Article 1994-01-20 New York City, NY

Rock Greats Hail, Hail Their Own At Spirited Hall of Fame Ceremony

A star-packed audience at the Rock-and-Roll Hall of Fame heard Bob Weir of the Grateful Dead reveal, "I've hated tie-dye all my life."

Unlike their many fans, who are known for wearing tie-dye, the Dead wore tuxedos to take their place among other rock legends at the Hall's ninth annual induction ceremony at the Waldorf-Astoria Hotel. The head Dead, Jerry Garcia, did not attend, but a life-size cardboard cutout of him served as a stand-in.

In presenting the award to the group, Bruce Hornsby, their occasional keyboardist and a star in his own right, said: "There were many times I'd be on stage with these guys and I wouldn't know what the hell was happening."

In an evening shot through with heartfelt tributes, wise-cracking irreverence and great music, the Dead shared the spotlight with other new Hall of Fame members, including Elton John, Rod Stewart and John Lennon, who become the first three British solo artists to enter the hall. Though the Beatles were inducted as a group in 1988, Mr. Lennon was inducted on his own last night for his contributions after he left the group. Also inducted were Bob Marley, the reggae pioneer and superstar who died in 1981; Duane Eddy, an early guitar hero known for his unusual "twang" sound, and the legendary rock bands the Animals and the Band.

Chicago bluesman Willie Dixon was inducted in the early influences (or pre-rock) category, and Johnny Otis, composer of the late 50's classic "Willie and the Hand Jive" was cited in the nonperformer category for his contributions to rhythm-and-blues.

About 1,200 music-business figures and performers paid $1,250 and $1,500 a ticket to attend the ceremony, a lavish black-tie dinner and closing jam session. They saw not only most of the living greats being honored — Mr. Stewart who was still in Los Angeles because of Monday's earthquake — but also Jeff Beck, Etta James, Chuck Berry, Bono, Axl Rose, Eric Clapton and others step up to the dais to present awards and pay tribute to fellow departed musicians. Even Paul McCartney appeared to present Mr. Lennon's award to his widow, Yoko Ono, and his sons, Julian and Sean. He was a no-show in 1988, when the Beatles were honored, at the time citing "business differences."

Mr. Beck, accepting for Mr. Stewart, said he had written notes for a speech about the artist on "a sick bag" and added: "You can have the schmaltzy speech if you like, or the truth about Rod Stewart." He said backstage later that it was the singer's "hairy throat" that caught his attention back in the late 60's, when Mr. Stewart became front man for Mr. Beck's band. Linking Jamaica and Ireland

In presenting Mr. Marley's award to his widow, Rita, and their son Ziggy, Bono gave a poetic speech comparing Jamaica to Ireland as islands that had both been under the colonial yoke. He described Mr. Marley's music a "sexy revolution and the artist as "Dr. King in dreads." He said he "wanted everything at the same time and he was everything at the same time."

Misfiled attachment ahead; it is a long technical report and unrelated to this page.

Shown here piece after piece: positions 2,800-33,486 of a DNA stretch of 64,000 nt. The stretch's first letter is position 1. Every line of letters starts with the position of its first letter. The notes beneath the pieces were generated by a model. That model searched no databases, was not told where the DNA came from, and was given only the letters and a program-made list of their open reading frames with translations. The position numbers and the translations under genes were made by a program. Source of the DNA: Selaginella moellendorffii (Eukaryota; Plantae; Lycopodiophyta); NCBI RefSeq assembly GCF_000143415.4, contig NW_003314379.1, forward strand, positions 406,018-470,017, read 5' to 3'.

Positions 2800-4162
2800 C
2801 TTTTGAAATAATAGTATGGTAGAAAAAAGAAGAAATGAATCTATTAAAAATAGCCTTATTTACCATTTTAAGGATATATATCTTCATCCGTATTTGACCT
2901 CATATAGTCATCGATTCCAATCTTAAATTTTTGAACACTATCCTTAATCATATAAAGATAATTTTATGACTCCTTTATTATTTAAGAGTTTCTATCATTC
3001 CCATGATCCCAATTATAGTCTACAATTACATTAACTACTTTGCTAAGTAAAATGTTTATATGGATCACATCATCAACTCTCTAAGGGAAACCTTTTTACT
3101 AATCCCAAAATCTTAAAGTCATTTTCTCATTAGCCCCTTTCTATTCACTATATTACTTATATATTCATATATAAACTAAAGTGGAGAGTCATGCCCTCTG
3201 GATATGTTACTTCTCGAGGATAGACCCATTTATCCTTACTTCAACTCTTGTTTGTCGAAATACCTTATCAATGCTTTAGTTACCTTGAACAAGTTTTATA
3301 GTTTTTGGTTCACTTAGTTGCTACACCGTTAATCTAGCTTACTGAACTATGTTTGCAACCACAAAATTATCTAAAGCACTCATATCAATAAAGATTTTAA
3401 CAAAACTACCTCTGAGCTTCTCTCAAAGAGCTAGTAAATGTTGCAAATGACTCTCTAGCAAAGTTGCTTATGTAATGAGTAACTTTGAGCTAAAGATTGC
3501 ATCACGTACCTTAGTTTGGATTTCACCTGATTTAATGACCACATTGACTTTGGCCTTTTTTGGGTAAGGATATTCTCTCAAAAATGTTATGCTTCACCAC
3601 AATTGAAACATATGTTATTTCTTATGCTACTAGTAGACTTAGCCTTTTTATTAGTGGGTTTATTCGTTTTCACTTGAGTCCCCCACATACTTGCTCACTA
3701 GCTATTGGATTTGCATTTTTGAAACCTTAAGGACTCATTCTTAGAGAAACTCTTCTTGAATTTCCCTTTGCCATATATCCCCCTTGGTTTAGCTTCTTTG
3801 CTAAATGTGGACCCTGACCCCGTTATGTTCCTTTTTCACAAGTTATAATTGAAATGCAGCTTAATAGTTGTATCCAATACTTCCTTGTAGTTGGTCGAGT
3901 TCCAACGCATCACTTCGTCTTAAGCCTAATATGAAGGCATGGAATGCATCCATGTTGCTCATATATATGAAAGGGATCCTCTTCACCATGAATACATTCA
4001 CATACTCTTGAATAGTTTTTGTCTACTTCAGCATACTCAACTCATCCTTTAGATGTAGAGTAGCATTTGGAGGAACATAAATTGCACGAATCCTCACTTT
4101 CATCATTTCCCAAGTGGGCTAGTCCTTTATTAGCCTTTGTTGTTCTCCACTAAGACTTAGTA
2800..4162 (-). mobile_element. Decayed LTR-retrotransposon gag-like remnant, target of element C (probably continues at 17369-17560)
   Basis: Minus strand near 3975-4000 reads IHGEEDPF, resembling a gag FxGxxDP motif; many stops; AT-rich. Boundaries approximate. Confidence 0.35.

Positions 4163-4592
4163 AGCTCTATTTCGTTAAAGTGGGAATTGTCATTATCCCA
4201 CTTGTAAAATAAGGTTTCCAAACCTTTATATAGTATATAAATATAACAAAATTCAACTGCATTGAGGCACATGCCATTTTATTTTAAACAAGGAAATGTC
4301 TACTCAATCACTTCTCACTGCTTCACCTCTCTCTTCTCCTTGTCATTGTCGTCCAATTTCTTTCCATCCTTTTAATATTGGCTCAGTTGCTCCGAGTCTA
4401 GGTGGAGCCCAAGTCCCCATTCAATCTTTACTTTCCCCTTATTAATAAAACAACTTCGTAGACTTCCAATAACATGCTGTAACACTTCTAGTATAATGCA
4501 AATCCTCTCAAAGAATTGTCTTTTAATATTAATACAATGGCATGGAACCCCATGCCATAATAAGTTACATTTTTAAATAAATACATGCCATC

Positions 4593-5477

Mr. Rose, of the group Guns n' Roses, introduced Elton John. Mr. Rose said: "For myself as well as many others, no one has been there more for inspiration than Elton John. When I first heard 'Bennie and the Jets' I knew at the time I had to be a performer."

Members of the Hall of Fame must have made their first recordings 25 years before they are voted in, so this year's ceremony harked back to 1968, when the United States was in the throes of civil unrest and Vietnam, and radio stations were playing the Beatles' "Hey Jude," Otis Redding's "(Sittin' on) the Dock of the Bay" and Simon and Garfunkel's "Mrs. Robinson."

A committee of historians and musicologists selects nominees. More than 600 industry professionals, producers, broadcasters, music journalists and performers then cast ballots. In most years, the seven top vote-getters gain induction; this year, there is an eighth inductee, under a provision that allows the Hall of Fame's board to honor someone who has missed election in seven consecutive years. Historical Perspective

The 25-year time limit was intended to provide historical perspective for those who choose Hall of Fame members and to free them from what is viewed as having the commercial nearsightedness that affects other music-business awards.

But given the extraordinary length of some rock careers, the 25-year rule can still be too short. The Grateful Dead and Mr. Stewart are still going full steam, and Mr. John, who recently released a new album, "Duets" (MCA), hasn't slowed much, either. The Dead was the top-grossing concert act of 1993, and Mr. Stewart wasn't far behind. His latest album, "Unplugged … and Seated" (Warner Brothers), was a huge international hit. Several members of the Band — Levon Helm, Rick Danko and Garth Hudson — have also begun playing together again, though they have not been able to lure Robbie Robertson, the group's lead guitarist, back with them.

Mr. Eddy may have described the evening — part party, part jam session, part nostalgia trip — most simply.

In accepting his honor, he said, "This is a great night, a hell of a party and a great honor."

By Sheila Rule via The New York Times.

Hall of Fame or Shrine to Nostalgia?